1. We have a winner! This is how Xilinx FPGAs store bitstream decryption keys for certain secure applications. The key is stored in a little RAM. When a tamper event is detected, the FPGA can erase the key and then erase most of the current configuration.

  6. The SM3257EN can read its configuration from the NAND flash or an external SPI Flash chip. The protocol for writing it is not documented, and from what I can tell, isn’t trivial.

  7. As others have stated this is only really effective if the target has no idea how it works. Any foreknowledge of it being self destructive will be trivial to circumvent, so you’re really just back to good ol’ security through obscurity.

    I really have to ask though, what problem are we solving here? There’s a whole host of software (and hardware!) encryption methods that are far more secure and reliable then relying on a capacitor to make things go pop. In the typical use case when everything goes as planned the end result is identical: unreadable data. Barring an extremely weak password, it’s also impossible to bypass for the foreseeable future even if you know exactly how it’s encrypted.

    Ultimately, this is totally fine as a hobbyist project just for fun. But since production was brought up in the article, it’s worth noting that if this was in production it would be worse than useless. The only way it can be made effective is by adding a whole slew of anti-tamper measures which will require always on power to function reliably, and even then it’s still only as effective as the tools available to the person that wants to read it.

    1. There are a number of documents and defcon videos available pointing out the blatant flaws of most disc and ssd encryption techniques. Some use a fixed key, others are fake epoxy, some you just unplug and move with power on and there is no standard that is upheld so one manufacturer running OPAL might be OK whilst another may not.

  8. How about a hidden micro-switch under a flexible covering. The real user squeezes the drive to click the switch off so the drive works and then when done removes the drive and squeezes to click the switch on. In the on position the unsuspecting thief sticks it in a port and the circuit fries the drive.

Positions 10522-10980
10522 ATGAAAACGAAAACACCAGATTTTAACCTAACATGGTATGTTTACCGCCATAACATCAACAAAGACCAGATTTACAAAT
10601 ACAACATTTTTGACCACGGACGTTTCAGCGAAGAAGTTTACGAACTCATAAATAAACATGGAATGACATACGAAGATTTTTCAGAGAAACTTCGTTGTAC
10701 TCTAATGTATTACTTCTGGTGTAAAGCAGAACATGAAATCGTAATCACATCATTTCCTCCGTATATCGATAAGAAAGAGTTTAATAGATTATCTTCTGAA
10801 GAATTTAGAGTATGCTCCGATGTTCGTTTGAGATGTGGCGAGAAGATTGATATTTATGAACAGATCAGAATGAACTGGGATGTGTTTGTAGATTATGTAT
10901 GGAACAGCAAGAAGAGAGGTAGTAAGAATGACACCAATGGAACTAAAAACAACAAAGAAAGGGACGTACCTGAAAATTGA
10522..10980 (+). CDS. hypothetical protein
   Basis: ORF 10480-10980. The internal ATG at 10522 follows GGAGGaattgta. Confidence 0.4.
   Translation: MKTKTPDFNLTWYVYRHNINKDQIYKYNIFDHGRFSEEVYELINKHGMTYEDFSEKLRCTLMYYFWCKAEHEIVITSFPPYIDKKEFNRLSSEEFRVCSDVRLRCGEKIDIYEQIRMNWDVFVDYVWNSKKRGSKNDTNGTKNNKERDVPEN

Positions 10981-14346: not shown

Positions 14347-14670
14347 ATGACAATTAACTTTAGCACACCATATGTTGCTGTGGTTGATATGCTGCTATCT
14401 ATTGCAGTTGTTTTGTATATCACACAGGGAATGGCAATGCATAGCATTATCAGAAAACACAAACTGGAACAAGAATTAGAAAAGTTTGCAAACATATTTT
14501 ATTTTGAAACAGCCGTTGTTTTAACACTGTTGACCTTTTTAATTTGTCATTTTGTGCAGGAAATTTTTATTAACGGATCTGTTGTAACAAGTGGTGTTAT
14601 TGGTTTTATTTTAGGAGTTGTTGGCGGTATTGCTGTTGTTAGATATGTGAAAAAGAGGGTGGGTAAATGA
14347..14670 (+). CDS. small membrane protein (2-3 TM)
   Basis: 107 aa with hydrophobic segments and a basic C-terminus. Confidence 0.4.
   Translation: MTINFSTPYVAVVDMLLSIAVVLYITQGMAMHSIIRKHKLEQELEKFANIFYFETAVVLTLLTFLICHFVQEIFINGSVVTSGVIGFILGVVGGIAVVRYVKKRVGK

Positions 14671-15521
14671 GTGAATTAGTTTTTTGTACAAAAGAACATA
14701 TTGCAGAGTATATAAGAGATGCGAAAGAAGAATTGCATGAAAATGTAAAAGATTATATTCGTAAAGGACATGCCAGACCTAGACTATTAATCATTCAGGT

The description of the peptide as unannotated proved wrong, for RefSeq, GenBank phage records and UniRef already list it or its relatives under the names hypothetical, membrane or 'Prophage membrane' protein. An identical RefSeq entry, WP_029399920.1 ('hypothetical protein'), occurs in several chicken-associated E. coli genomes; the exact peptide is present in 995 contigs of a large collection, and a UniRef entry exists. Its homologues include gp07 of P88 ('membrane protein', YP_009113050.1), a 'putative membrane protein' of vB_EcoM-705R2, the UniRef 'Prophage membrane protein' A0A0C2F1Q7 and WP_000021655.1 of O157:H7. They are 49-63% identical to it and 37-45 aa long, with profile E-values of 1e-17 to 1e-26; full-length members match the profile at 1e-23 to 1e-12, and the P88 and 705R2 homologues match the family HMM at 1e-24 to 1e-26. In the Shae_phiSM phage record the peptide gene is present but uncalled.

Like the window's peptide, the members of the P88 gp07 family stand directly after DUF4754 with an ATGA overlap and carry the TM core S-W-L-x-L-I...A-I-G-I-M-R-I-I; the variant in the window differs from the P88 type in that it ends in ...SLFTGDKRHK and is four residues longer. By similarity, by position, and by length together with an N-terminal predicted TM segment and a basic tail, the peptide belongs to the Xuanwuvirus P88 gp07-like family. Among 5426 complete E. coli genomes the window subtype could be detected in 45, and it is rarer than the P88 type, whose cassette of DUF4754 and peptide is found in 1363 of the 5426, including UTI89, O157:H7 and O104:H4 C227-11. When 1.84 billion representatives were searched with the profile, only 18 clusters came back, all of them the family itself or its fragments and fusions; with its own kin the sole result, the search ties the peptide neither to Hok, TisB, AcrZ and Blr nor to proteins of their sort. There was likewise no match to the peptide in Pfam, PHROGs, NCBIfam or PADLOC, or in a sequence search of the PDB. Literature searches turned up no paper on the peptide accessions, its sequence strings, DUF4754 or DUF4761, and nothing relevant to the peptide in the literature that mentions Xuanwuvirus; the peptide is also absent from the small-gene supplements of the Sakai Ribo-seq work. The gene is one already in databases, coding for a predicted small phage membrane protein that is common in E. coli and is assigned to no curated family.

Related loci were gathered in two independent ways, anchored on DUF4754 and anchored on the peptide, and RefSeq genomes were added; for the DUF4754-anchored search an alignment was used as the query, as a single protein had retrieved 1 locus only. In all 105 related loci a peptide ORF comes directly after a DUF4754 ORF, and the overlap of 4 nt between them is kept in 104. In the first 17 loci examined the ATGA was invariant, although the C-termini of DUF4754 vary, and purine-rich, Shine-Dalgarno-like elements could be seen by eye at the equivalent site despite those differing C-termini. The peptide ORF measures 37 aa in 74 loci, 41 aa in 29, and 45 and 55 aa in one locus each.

9. You could take advantage of the USB connector design: have PCB with connector traces on both sides, but one of them will connect 5V and GND wrong way around. Good luck plugging it right way around every time yourself either though ;)

  10. Nice. but one thing I don’t understand is why pump 10V into the supply voltage rail? Apparently it works but it will be hard to predict which chip lets out the smoke first, and a blown, but a shorted IC (even if it’s just a voltage regulator) can short circuit and thus protect the rest, and some of these devices may be repairable.

    If you directly put the 10V to for example the chip enable or the read pin of the memory IC, then you can be quite certain the memory IC will get damaged.

    1. I made this take on the seemingly unsolvable problem of keys a while ago, emplying a Raspberry Pi zero:

      To avoid the rather high threshold of producing high speed electronics, using a Pi might lower the gate for experimenting.

      As a friend, not one for higher studies, once put it: “Well in the end, somewhere you have to store the key, whether it is a code or an actual key.”

      To add to this the code required for a safe storage is rather long, pin-codes or biometrics often just make the device itself into swiss cheese security.

      The general idea was to let the users themselves release their human ingenuity to invent a storage method for the full AES(or similar) key: paint a picture (correct horse battery staple…) solder some resistors in an amp to represent the code, have it scribbled on a gum to eat it when you hear the black helicopter and so on. It does not handle evil maid.

      So far the only comment I got was that my solution ‘was safe since AES cannot be cracked’. Bit unimaginative one would think..

      1. Did this 10 years ago for the silk road (my inferno drive)…

        Equal parts thermite, powdered magnesium and clear nail polish (layered not mixed)

        Dab of that on the center of the NAND with a model rocket ignitor (or tiny bit of 28awg nichrome) rigged to a submini, N.O. momentary switch and the power rails (or a 123 12v battery) works every time…we added the battery after frying too many USB host controllers.